If you indulge in dairy products for the calcium and protein that milk products can provide, you know about one style of yogurt that has achieved supernova popularity in recent years – and that’s any yogurt labeled as “Greek.”
I remember my first encounter with this “new” type of yogurt. While out bicycle riding in New York City a few years back, I was handed a free cup of Chobani Greek yogurt, pulled from a cart by a girl in a promotional t-shirt.
Intrigued by her claim that Greek yogurt was much higher in protein than traditional yogurt, I sat down, spooned up a bit and felt … confused. This was like no yogurt I had ever tasted. It was very dense and thick – almost chalky – and slightly sour. I wasn’t an instant fan; but the more I ate, the more the creamy, solid texture grew on me. I liked that it wasn’t too sweet. I knew that athletes liked to add extra protein to their diets. And so the next week, I found myself at the market, buying Greek yogurt.
Nowadays, Greek yogurt is a bona-fide health craze, along with kale, chia seeds, cocoa nibs and green juice; and more and more brands are jumping on the bandwagon.
There are many different factors to look for when choosing a healthy Greek yogurt. Here are some things to consider.
So many Greek yogurts, so many choices.
What makes Greek yogurts special? A very high protein content, a thick and smooth “mouth feel” (similar to the texture of sour cream) and a healthy dose of probiotic cultures such as L. acidophilus, L. bulgaricus, S. thermophilus and bifidus – helpful in assisting with a healthy digestive tract.
Since the nutritional content for most top brands of plain Greek yogurt (without any added flavorings or sugars) is fairly similar across the board, I looked at each company’s labeling and website for any additional claims that may help in making a choice:
- Fage (pronounced Fay-yeh). Although “The #1 yogurt in Greece” does not claim to be organic, the company states that “The farmers who supply our milk and cream pledge not to treat their cows with rBGH” (bovine growth hormone – a synthetic hormone meant to increase milk production).
- Stonyfield Farms (based in Londonderry, NH) is all about organics; they make their certified USDA Organic Greek yogurt “without pesticides, artificial hormones, antibiotics or GMOs” (ingredients not genetically engineered in a lab). Their site also features a handy “yogurt substitution guide” showing how to substitute Greek yogurt for sour cream, butter, mayonnaise and more in recipes and the stats for each.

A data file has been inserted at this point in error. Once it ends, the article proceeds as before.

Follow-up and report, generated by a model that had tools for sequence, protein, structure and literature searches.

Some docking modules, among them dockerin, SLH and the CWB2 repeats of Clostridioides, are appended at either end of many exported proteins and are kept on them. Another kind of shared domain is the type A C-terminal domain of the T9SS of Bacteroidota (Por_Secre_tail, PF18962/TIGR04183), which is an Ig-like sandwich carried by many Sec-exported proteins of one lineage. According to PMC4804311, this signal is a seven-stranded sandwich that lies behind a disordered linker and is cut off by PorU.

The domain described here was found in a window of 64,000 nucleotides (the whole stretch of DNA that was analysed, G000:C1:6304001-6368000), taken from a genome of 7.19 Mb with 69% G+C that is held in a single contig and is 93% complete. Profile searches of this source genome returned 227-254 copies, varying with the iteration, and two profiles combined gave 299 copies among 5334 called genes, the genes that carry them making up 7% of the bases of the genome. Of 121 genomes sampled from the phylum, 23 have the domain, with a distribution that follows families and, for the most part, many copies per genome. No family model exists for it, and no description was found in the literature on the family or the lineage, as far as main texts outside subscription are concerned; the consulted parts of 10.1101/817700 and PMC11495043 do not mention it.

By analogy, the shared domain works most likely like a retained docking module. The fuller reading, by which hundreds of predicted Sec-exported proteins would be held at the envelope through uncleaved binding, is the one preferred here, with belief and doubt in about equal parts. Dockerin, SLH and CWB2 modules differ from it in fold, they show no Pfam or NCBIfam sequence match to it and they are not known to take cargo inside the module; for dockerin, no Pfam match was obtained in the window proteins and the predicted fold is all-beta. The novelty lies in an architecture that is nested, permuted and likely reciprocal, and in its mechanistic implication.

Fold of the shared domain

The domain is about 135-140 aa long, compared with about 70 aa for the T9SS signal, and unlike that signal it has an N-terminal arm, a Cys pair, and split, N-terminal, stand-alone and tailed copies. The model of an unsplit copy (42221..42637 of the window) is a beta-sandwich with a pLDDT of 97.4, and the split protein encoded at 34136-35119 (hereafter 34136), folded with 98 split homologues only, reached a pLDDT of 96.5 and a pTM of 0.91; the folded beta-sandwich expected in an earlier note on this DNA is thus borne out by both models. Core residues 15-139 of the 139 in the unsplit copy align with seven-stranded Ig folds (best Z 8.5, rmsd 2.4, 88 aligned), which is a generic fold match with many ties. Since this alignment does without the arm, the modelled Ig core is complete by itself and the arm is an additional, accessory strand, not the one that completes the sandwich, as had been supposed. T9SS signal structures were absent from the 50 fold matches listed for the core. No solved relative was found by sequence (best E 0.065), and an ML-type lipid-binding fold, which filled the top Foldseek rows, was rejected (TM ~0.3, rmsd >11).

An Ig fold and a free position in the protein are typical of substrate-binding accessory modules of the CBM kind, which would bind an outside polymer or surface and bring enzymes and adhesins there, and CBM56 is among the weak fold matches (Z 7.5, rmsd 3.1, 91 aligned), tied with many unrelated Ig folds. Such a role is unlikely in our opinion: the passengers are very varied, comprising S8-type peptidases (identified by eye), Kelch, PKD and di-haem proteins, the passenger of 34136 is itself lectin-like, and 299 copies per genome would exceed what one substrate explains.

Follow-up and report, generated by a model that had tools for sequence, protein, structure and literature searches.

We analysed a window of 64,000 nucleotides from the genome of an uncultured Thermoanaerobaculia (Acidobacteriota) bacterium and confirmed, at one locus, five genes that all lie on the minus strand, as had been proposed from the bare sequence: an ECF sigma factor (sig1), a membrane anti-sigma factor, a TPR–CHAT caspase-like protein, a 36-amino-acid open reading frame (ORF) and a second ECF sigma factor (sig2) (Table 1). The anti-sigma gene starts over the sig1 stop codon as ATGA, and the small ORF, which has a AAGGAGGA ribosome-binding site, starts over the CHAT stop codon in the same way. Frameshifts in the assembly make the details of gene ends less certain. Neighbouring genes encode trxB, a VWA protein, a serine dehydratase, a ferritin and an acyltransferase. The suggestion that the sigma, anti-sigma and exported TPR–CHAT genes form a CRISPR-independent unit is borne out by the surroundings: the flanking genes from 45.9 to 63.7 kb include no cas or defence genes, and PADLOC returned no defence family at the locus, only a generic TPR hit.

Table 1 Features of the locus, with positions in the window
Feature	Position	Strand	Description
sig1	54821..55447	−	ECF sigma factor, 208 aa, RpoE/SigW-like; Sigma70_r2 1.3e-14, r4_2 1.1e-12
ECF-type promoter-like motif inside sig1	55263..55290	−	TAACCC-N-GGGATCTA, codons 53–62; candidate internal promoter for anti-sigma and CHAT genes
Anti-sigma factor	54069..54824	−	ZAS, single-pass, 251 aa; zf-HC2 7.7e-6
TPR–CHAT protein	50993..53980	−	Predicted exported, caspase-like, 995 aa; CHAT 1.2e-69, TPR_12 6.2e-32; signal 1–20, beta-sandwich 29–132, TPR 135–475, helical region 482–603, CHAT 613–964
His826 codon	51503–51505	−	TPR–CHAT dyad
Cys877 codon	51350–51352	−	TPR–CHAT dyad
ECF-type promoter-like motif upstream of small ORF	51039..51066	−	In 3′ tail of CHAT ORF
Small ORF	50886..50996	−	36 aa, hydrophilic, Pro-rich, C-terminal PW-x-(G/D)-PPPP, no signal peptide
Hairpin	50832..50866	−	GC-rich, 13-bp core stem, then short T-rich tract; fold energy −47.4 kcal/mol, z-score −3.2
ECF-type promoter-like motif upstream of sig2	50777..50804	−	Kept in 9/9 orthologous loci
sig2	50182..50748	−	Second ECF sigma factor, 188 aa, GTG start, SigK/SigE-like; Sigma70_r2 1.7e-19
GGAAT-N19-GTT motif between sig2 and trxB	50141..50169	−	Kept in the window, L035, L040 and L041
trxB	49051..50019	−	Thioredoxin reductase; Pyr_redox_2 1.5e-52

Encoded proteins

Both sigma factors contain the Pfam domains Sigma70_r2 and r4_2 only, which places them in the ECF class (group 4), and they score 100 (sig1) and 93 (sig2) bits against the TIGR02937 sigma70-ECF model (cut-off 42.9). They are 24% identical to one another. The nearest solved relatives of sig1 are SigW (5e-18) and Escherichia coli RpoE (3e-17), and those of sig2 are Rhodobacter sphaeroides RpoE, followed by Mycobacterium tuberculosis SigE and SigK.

- Chobani does not claim to be organic, but states that they “source from regional farms that provide us milk from cows not treated with added growth hormones like rBST.” Chobani is also non-GMO and uses no preservatives, and the company claims to be working towards sustainability (recycling their acidic whey byproducts – which can damage the environment – as supplemental feed/fertilizer for local farms).
- Wallaby Organic (based in Napa, CA) is made “in small batches using premium organic milk from small, pasture-based farms”; the company even lists the specific farms (all in Sonoma and Marin counties in Northern California) on their site and explains the farming practices of each.
Should you buy full-fat or no-fat Greek yogurt?
In addition to “healthy manufacturing” practices, many brands of Greek yogurt offer whole milk, low-fat and no-fat versions to choose from.
To see how nutritional values compare, I looked at a one-cup serving of the three types of Fage Plain Greek yogurt – Total (whole milk), 2% (lowfat) and 0% (non-fat) – and discovered that while the calcium and sugar levels are exactly the same, the calorie count does go up as the fat content rises; the full-fat Fage also has slightly less protein.
Here are the nutritional values for a one-cup serving of all three varieties:
Says Krista Jordheim, RD, MPH, dietetic technology program director for Normandale Community College in Bloomington, MN:
“Often times people choose the low-fat yogurt over the full fat because they have been trained to believe that ‘fat is bad.’ However, we all need a certain amount of fat in our diets; therefore, I would recommend that a consumer choose the yogurt that tastes best to them. My concern lies with the fact that most women do not get enough calcium in their diets and yogurt (full or fat-free) is an excellent source of calcium.”
If you’re looking for a good middle ground, a one-cup serving of the plain Fage 2% Greek yogurt has 3g more protein and 50 fewer calories than the full-fat; and some people believe that consuming a higher-fat yogurt may leave you feeling more satisfied.
Greek, yes. Added sugars, maybe not.
Finally, as manufacturers rush to add the word “Greek” to new products as a way to spur sales, take heed of nutritional labels.
Flavored Greek yogurts such as Chobani’s new “flip” line – including a “Key Lime Crumble” flavor with graham crackers and white chocolate (200 calories and 19g of sugars in a 150g serving) – can be significantly higher in calories and sugars and are not as nutritionally dense.
For a healthier treat, buy plain yogurt and add your own toppings (organic, if possible):
- fresh blueberries, strawberries, raspberries
- sliced bananas, fresh or dried figs, dried mulberries
- fresh pomegranate arils (seeds)
- cocoa nibs
- chopped walnuts, almonds, pistachios or pecans
- raisins or chopped dates
- chia, sunflower or flax seeds
- a drizzle of coconut sugar, honey or maple syrup
- fresh chopped tomato and basil, with a drizzle of balsamic
Or use Greek yogurt in a dip, on a baked potato or in any recipe and enjoy!